“Edge of Night”
Writer: Warren Ellis
Pencils: Ken Lashley
Inks: Tom Wegrzyn
Colours: Joe Rosas
Letters: Jon Babcock
Editors: Suzanne Gaffney & Bob Harras
Original publication date: January 1995
This week, we’re slashing (and snikt-ing!) our way to the conclusion of the “Soulsword Trilogy” in Excalibur #85, “Edge of Night,” co-starring Wolverine + Wolverine afficionado Dr. Justin Wigard! Our discussion digs into retributive violence, Final Girl tropes, 90s maximalism, and the complexity of loving a guy whose main thing is being extremely stabby. Plus, we discover a new unit of comics time involving cigars and how long it takes to smoke them while going to stabby town/proving your mutant manhood.
On loving and hating Wolverine:
“I never know whether to say I like Wolverine… It kinda depends what he’s up to that day, and whether the story embraces retributive violence or rejects it.” -Anna
“I lot of Wolverine’s mentorship is about survival and less about creating more of himself.” -Justin
“Wolverine is a big fat liar. He was absolutely training this 13-year-old girl to be a murdered, and he made himself feel better by pretending he wasn’t.” -Mav
On father figures:
“Under Claremont, Wolverine is like a detached father. He cares deeply about Kitty, and wants the gentler path for her, but he’s never going to go to her. She has to come to him.” -Andrew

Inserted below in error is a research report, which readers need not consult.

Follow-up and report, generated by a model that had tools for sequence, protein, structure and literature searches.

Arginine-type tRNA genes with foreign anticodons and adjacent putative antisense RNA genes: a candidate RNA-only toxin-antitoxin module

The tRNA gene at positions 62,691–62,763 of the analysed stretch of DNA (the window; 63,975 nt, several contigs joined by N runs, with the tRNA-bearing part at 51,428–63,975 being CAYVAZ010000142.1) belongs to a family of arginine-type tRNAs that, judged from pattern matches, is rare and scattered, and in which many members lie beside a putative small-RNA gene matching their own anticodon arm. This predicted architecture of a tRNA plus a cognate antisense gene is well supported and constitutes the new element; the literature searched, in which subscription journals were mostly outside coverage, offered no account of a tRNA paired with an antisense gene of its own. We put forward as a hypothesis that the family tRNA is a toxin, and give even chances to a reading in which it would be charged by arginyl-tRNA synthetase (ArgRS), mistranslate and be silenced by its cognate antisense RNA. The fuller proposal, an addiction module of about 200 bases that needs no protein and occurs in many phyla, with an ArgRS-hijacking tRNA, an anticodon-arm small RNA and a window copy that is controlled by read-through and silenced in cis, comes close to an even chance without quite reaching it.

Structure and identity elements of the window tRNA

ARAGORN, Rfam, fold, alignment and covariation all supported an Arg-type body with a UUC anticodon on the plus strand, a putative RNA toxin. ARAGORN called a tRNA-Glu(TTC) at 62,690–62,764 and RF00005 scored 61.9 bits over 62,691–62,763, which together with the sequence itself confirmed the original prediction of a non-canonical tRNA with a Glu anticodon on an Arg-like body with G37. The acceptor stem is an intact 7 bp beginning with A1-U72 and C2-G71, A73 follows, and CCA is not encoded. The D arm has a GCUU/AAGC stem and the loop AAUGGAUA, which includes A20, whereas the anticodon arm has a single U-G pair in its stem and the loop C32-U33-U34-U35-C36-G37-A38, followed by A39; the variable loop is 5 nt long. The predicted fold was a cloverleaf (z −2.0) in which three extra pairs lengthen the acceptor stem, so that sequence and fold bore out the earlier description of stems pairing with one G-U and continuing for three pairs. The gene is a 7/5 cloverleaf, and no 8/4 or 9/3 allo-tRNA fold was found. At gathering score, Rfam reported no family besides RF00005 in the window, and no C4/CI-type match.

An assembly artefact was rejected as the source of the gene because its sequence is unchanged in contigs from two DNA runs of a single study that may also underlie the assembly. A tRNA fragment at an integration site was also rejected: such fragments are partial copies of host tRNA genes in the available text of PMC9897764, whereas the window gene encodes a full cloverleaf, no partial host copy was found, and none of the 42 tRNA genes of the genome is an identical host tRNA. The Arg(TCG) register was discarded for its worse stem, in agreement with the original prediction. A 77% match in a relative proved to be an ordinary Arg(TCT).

“I would have liked to see a little bit less of Wolverine’s influence and a little bit more of the things that make Kitty special.” -Andrew
On the 90s of it all:
“We’ve been dealing with a lot of 90s maximalism recently… this felt like a more readable version of that style than a lot of what we’ve encountered lately.” -Anna
“The Soulsword is a mixture of physicality and magic. So Ken Lashley has to give you a finale that is a punching content/sword fight/magic context… there’s a high degree of difficulty representing that visually.” -Andrew
You can check out Anna’s article on loving/hating Wolverine, titled “Choosing Violence: The Complexity of Loving Wolverine,” via Comic Book Herald!
Want more Justin Wigard?
You can him on Twitter (@JustinWigard), and at his personal website, justinwigard.com.
He is co-editor of Attack of the new B Movies: Essays on SYFY Original Films (McFarland Press, 2022), the first academic treatment of SYFY Channel’s original films, including Sharknado (2013), 2 Lava 2 Lantula (2016), Frankenfish (2004), and more.
His article on visual parody and pulp signifiers in Calvin and Hobbes was awarded a 2021 Honorable Mention for Best Article from the Comics Studies Society. He has further published on popular representations of race, representation, gender, and sexuality in visual forms, including the Hallmark Channel’s Garage Sale Mystery film series; professional wrestling and Street Fighter; chronotopal representations of feminism in Marvel’s Jessica Jones; monstrous motherhood in Neil Gaiman’s Coraline; and the transmission of ludemes across video games in the Jurassic Park and X-Men: The Animated Series properties.
Justin’s dissertation, Level 101: A Video Game About Video Games, is a video game that he has developed which explores, explains, and interrogates the medium through a methodology of play.